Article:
Season 2 of Amazon Prime’s Good Omens has been available to stream since July, but every rewatch — yes, inclusive of the season’s devastating final 15 minutes — makes us notice new details, pop culture references, and Easter Eggs we didn’t see before.
And as we wait for news about Good Omens Season 3, here’s a quick rundown of details you might not have noticed from the six clever episodes of the second installment. If there’s anything you spotted that I missed, do let me know in the comments!
All The Good Omens Book References
Season 1 of Good Omens may have covered everything that happened in the 1990 novel by Neil Gaiman and the late Sir Terry Pratchett, but that doesn’t mean that the latest six episodes of the series can’t give it a nod — or several.
A reference spotted by many a fan was in the scene where Gabriel / Jim shelves books in his uniquely unhelpful way: alphabetically, but by the first letter of each book’s opening sentence. We see him read out the first sentences of A Tale of Two Cities, Pride and Prejudice, and of course, Good Omens: “It was a nice day. All the days had been nice.”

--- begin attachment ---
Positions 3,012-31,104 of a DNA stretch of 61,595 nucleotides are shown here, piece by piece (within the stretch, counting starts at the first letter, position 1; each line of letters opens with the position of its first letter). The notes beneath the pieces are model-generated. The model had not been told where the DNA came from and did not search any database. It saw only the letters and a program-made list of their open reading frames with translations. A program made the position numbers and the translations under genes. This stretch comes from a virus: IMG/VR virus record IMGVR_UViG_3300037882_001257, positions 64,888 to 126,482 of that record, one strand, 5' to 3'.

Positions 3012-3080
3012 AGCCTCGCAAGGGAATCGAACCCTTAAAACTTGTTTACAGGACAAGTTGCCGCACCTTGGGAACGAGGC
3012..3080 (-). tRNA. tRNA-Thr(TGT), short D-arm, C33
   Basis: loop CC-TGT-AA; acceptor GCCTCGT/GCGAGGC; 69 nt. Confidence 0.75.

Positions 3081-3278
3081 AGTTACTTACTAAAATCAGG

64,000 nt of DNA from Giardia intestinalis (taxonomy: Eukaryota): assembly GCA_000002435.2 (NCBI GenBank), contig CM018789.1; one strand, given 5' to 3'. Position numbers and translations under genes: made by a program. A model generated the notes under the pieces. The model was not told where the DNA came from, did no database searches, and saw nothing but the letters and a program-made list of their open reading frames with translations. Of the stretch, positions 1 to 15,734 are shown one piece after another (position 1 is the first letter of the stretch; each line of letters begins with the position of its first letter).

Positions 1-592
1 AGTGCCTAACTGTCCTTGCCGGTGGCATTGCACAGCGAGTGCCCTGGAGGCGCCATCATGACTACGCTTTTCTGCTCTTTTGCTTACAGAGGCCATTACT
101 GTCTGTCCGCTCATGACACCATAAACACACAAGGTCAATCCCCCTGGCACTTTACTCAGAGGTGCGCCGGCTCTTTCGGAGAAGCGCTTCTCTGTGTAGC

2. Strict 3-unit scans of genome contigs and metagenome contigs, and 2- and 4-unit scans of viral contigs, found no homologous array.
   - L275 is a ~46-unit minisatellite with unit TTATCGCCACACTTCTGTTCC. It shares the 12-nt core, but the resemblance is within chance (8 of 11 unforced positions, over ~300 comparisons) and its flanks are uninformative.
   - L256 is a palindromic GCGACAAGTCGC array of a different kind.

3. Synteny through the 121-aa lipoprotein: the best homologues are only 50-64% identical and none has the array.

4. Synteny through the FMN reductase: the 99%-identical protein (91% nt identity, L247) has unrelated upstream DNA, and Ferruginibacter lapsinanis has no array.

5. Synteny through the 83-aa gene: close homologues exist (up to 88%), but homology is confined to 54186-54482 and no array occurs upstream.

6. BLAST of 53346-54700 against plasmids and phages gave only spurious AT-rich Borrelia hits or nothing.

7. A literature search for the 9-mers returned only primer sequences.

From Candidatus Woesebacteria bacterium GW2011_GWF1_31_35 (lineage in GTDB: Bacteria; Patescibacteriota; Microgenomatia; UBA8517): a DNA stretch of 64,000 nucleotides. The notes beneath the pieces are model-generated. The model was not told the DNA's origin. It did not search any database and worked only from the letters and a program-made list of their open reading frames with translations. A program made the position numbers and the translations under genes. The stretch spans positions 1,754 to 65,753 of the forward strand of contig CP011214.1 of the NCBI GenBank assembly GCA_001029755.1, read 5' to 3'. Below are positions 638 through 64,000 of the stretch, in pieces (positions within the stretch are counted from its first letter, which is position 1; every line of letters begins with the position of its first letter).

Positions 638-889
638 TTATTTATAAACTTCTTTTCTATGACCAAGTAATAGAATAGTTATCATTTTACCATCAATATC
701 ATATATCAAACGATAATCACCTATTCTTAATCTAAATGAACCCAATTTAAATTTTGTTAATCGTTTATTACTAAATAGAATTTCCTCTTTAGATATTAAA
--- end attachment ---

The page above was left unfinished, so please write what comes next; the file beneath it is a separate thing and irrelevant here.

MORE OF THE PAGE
Eagle-eyed fans might’ve also spotted that the book Jim uses as a fly swatter is The Wicked Bible, which the novel mentions as part of Aziraphale’s collection. We see two more items from his collection — An Excellent Conceited Tragedie called Golde Diggers of 1589 and The Comedie of Robin Hoode, or, The Forest of Sherwoode — in Gabriel’s box, which Aziraphale presumably had been using for storage.
A Homage to Terry Pratchett